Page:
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Light of Darkness | ISIS Arts
Light of Darkness

Light of Darkness

Light of Darkness was created by West Bengali Artist Sanchayan Ghosh, with support from UK based artist Graham Robinson, and commissioned for 'Enlightenment', Durham City's festival of light in November 2008..

Light of Darkness evolved out of research into the local history and folklore of Durham. The light installation was inspired from folklore about Saint Bede after he became blind: it also referred to the history of coal mining in Durham. The two eyes installed between each of the two arches of Framwellgate Bridge in Durham were made of miner’s helmets with lamps that formed the eyeball and the iris was made of a tapestry of El cold light. The installation was a memoir to the life and work of Saint Bede and the coal miners of Durham.

Framwellgate Bridge forms a very significant site in the map of Durham. Both as a bridge and an architectural design Framwellgate bridge survives as a memoir of layers of history that lay embedded to the history of the city and its people. The heavy stone laid walls of the bridge reflect the triumph and tragedy of successive history of enlightenment that camouflage the city of Durham so intensely. The gothic double arch to the bridge provokes one to think of an invisible eye with eyeballs that floats between the real and the obscure gazing much beyond the visible world.

The double arch of the Framwellgate lay behind the inspiration of the motif of eye as an installation piece. In parallel the motif of eye was inspired by the folklore of venerable Bede, the inner sight of knowledge and the eyes of the coal miners that bring light from the darkest core of earth.

Sanchayan Ghosh:

"I am inspired by the folklore where even after Saint Bede became blind at the later part of his life he could inspire a group of rocks and broken trees in a jungle with his sermon. So this installation is a memoir to the life and work of Saint Bede who can be looked upon as a bridge between faith and rationality, science and realization.
Just as the soul of city of Durham dwells on the cathedral and the castle, the coal mines that used to lie across the river Weir helped to the sustinance of project of Enlightenment in 18th century England. The great act of cutting coals in the darkness from the core of earth is like bringing light from darkness. So this installation is also a memoir to the miners of Durham. Tradition of knitting and patchworks developed in England in the age of Enlightenment and can be looked upon as a parallel system of knowledge that grew in the core of the domestic life of working community. There were numerous knitting clubs in miners' colonies.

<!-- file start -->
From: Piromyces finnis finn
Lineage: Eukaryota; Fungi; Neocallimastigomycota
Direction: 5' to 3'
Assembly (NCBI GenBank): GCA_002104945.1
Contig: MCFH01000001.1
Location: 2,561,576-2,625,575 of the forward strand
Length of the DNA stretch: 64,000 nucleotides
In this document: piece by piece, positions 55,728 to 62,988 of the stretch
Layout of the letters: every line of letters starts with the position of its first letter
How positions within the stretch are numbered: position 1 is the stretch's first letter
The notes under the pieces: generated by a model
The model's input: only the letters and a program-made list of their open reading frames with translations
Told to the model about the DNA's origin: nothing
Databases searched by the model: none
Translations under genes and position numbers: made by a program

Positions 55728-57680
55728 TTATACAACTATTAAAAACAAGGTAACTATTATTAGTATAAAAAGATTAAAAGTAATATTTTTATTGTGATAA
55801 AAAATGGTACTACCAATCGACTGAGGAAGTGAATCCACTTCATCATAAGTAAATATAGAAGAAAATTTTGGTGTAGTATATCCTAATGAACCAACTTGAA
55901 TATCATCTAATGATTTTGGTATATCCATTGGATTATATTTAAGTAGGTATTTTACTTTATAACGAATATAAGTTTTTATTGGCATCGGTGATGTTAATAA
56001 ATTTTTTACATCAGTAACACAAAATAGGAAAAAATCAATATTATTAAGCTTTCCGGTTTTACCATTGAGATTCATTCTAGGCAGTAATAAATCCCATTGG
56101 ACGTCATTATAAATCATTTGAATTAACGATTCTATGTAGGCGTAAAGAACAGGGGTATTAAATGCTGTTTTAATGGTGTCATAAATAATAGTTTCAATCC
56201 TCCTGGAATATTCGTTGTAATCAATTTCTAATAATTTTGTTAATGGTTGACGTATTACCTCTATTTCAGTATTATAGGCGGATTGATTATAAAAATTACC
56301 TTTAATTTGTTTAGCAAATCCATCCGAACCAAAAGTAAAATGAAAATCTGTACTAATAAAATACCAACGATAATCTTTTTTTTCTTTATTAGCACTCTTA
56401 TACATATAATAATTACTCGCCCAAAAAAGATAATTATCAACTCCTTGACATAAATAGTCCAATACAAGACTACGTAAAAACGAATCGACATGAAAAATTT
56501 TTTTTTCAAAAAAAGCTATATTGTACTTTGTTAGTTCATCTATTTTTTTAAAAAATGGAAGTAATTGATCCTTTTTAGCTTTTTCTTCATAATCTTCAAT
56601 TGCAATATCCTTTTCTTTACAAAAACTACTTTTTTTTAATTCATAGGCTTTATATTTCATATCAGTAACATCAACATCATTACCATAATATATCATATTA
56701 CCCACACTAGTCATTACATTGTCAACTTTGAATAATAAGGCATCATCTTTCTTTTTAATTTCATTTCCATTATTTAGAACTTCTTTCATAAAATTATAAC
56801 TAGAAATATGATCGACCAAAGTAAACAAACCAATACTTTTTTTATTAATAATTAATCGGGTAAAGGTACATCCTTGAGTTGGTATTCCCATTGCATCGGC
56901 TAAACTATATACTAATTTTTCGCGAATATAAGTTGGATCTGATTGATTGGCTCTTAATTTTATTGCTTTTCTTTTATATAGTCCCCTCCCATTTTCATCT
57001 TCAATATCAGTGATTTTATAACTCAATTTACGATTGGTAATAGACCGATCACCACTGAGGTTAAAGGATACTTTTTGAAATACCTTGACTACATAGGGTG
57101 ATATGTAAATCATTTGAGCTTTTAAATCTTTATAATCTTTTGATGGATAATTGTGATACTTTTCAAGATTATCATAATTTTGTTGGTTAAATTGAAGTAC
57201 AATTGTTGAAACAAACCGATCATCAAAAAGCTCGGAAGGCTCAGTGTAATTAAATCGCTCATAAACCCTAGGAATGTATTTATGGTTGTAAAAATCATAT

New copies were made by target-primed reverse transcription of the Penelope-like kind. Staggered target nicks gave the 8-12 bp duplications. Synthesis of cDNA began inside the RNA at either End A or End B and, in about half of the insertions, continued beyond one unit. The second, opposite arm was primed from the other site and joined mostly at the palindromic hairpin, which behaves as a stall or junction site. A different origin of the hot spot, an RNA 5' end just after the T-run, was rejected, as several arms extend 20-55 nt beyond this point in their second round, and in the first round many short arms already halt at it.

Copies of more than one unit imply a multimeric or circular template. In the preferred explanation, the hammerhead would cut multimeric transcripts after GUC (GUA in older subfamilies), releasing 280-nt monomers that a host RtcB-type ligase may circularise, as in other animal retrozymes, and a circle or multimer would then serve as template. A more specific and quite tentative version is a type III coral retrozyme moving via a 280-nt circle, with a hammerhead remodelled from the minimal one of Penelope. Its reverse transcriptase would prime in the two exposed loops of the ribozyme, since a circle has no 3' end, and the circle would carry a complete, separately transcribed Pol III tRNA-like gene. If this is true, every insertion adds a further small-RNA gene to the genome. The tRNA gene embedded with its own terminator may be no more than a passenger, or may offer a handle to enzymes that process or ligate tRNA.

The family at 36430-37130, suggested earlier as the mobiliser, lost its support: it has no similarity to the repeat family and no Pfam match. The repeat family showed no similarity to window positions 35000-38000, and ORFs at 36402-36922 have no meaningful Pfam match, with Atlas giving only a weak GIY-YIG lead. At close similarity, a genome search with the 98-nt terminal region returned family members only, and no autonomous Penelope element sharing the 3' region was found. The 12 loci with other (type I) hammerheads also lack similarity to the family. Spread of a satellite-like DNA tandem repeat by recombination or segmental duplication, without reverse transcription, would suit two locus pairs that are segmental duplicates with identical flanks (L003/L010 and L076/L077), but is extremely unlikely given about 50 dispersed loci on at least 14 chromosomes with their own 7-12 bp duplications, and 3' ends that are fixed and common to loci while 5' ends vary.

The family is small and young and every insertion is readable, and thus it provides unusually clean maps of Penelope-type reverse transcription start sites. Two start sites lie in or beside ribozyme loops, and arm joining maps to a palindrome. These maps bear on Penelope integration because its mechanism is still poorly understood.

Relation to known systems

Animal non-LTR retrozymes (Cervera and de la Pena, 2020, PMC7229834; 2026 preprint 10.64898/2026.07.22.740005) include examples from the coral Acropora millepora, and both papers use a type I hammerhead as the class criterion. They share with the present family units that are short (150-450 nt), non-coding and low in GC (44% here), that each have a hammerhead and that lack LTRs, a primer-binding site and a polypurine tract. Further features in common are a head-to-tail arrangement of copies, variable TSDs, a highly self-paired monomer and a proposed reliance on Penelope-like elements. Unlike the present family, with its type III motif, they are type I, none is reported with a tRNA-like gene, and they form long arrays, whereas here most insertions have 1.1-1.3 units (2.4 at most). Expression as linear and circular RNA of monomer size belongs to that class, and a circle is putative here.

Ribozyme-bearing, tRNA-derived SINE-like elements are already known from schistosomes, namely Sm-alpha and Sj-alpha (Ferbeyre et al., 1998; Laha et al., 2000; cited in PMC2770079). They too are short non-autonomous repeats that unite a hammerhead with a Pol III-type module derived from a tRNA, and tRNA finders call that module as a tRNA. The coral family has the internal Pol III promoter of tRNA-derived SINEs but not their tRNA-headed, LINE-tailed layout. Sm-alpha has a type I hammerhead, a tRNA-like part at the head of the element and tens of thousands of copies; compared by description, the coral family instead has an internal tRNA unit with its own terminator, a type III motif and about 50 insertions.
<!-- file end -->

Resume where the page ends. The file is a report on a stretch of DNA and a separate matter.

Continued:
As far as the shape of the eye is concerned I am inspired by the traditional wooden mask from Bengal which formed a bridge between real and the iconic. Moreover the reflection of the full eye on the river water will create a double eye situation and will help to create an experience that is equally real and metaphysical."

Artistic practice and background

Although I am trained as a painter in Kala Bhavana,Santiniketan (Institute founded by Nobel Laureate Rabindranath Tagore) my days as student of Santiniketan introduced me to the numerous annual community based interactive events that are performed in Santiniketan for the last 80 years. Moreover my training under famous third theatre explorer Badal Sarkar(who lives in Kolkata) also introduced me into the periphery of interactive space and public communication.

Presently my work focuses on exploring methods of participation in multiple public sites and evolving sites specific process of community based art activities. In this respect I have had the opportunity of working in different public sites starting from general public spaces like outside of theatre auditoriums, in reference to public monuments, school and college campuses, historical buildings to more private community spaces like private housing complex and community halls.I have had the opportunity to work with three generation of Asian communities in Bristol as a Charles Wallace scholar. I have also worked with the weavers of Bodo communities of Assam in eastern India and other migrating communities in Kolkata and India.

So most of my works are research based activity that evolves into site specific installation, installation performance or interactive community events. My present area of concern revolves around transformation of land, history, memories, people and home. In this respect I am interested about the context of identity, shift and the emergence of new spaces of relationship.
Most of my installations are multi sensory and interdisciplinary that involves both the aspect of new media and dialogical, interactive situations.

Sanchayan Ghosh, 2008

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